Welcome back to Collective Bookmarks. This week’s newsletter is a 7 minute read or about the time it takes to find your phone when you’re trying to leave your house.

We’re back from the U.S. Memorial Day weekend with an extra few hours of rest and family time in our systems. The newsletter does in fact rest, but we may have also read some reports in our downtime. This week we’re excited to be featuring actionable insights, one awesome human, and the incredible team at Hoop.

In This Week’s Issue:

Events We’re Attending: Purposeful Intent LA Edition
Books We’re Reading: The Good Enough Job by Simone Stolzhoff

As always, if you have feedback or questions please reach out below.

Three Things You Should Know

From The World of Work and Place

1.The Emergence of Domestic Off-Shoring

In a recent report ADP outlined a phenomenon they dubbed “Domestic Off-Shoring.” Domestic Off-Shoring is defined by the shift of lower paying or non-decision making roles being moved to more affordable regions, and “value-intensive” work of decision makers / executives remaining in command and control cities. They outline that the implications of this phenomenon are far reaching, but one major result is these command and control cities are increasingly becoming home to one specific sub-group of the population. They also outline the increasing disconnect this is causing between the two segments represented, executives / decision makers and employees.

What We Think: We should expect to see more insights like this come to the forefront as the unexpected consequences of the distribution of work are revealed. An entire year of blog posts could be written about the issues of affordability of housing. However, we think it’s vital to point out that without the ability to live near a network of folks who can provide you with opportunities to network, grow, learn, and move up – upward mobility is stunted. It was a struggle to live in some major cities 20 years ago as an entry level employee, and that barrier is getting worse. We would also note that any increased distribution of teams requires better communication, coordination and decision making models. The entire report is linked below as always, but the region by region data should be assessed by teams as well.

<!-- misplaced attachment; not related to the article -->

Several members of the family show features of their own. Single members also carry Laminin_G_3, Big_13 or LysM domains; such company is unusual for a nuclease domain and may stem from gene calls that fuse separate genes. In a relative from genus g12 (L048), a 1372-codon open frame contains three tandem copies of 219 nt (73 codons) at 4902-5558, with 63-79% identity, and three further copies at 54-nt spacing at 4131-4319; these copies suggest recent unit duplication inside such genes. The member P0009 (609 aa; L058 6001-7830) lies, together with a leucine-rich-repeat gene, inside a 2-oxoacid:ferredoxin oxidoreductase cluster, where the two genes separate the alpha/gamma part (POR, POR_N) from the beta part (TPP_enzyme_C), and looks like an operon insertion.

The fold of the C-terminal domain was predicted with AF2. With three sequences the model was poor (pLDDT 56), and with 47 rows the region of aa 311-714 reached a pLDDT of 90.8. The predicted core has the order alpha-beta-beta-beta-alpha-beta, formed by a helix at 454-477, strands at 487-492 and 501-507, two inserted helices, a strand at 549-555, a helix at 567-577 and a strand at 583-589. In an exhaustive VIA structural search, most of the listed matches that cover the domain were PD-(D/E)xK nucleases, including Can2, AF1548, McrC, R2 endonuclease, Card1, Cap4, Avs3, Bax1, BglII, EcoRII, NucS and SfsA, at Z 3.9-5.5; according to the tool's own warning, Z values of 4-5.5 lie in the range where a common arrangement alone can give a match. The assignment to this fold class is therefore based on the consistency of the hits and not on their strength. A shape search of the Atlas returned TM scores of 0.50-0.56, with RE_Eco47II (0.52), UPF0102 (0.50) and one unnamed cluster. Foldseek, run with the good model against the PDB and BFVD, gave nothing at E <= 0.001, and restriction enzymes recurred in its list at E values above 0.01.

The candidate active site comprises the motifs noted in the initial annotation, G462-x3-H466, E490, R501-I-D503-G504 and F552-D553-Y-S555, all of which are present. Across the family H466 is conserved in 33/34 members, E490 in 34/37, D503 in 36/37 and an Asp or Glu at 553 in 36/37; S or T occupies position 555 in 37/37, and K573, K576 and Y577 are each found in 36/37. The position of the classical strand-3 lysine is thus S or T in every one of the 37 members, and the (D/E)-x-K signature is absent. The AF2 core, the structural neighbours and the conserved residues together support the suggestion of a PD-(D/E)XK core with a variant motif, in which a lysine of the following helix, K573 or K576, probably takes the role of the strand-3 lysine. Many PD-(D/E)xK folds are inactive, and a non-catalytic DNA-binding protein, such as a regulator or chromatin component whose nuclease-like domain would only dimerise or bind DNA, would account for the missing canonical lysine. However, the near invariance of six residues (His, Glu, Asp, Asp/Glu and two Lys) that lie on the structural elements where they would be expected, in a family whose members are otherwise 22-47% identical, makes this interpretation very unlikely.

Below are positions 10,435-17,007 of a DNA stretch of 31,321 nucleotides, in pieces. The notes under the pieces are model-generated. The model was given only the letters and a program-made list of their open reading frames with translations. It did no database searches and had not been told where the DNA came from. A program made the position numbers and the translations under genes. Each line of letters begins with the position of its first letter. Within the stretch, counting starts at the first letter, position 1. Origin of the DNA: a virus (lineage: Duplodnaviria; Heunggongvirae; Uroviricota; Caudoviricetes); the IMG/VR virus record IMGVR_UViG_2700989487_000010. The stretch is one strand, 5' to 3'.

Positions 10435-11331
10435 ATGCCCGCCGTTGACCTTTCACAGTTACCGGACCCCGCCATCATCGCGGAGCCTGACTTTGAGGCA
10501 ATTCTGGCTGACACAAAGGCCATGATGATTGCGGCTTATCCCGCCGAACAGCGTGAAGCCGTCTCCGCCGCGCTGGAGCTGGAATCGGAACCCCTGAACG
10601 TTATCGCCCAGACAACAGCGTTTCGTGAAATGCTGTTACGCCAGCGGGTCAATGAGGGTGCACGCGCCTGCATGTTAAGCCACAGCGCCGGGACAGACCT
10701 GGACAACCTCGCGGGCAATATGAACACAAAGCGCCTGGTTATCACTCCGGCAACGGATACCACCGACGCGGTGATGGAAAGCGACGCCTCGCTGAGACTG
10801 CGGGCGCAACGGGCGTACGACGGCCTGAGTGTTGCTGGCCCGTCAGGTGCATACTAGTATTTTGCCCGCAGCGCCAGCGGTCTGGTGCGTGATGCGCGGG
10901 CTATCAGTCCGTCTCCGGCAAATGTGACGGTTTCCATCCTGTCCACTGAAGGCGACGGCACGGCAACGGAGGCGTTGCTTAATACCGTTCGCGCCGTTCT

2. Employee Return & Attrition Spikes

In a recent global survey of employees and employers Unispace looked at how companies are using their workplaces and what they might be able to do to make them truly meet the needs of teams in a new era of workplace. In this report they highlight the fact that 74% of employers surveyed noted that they are struggling to keep their employees happy and engaged. This trend was also reflected in Oyster’s recent state of disillusionment report we covered in Issue.7. Unispace’s report presents the idea that the commuting / extra time taken is a critical factor for why employees are unhappy. Interestingly they also point out that “Almost half (42%) of firms who mandated returns have experienced higher than normal employee attrition, while 29% are struggling to recruit.”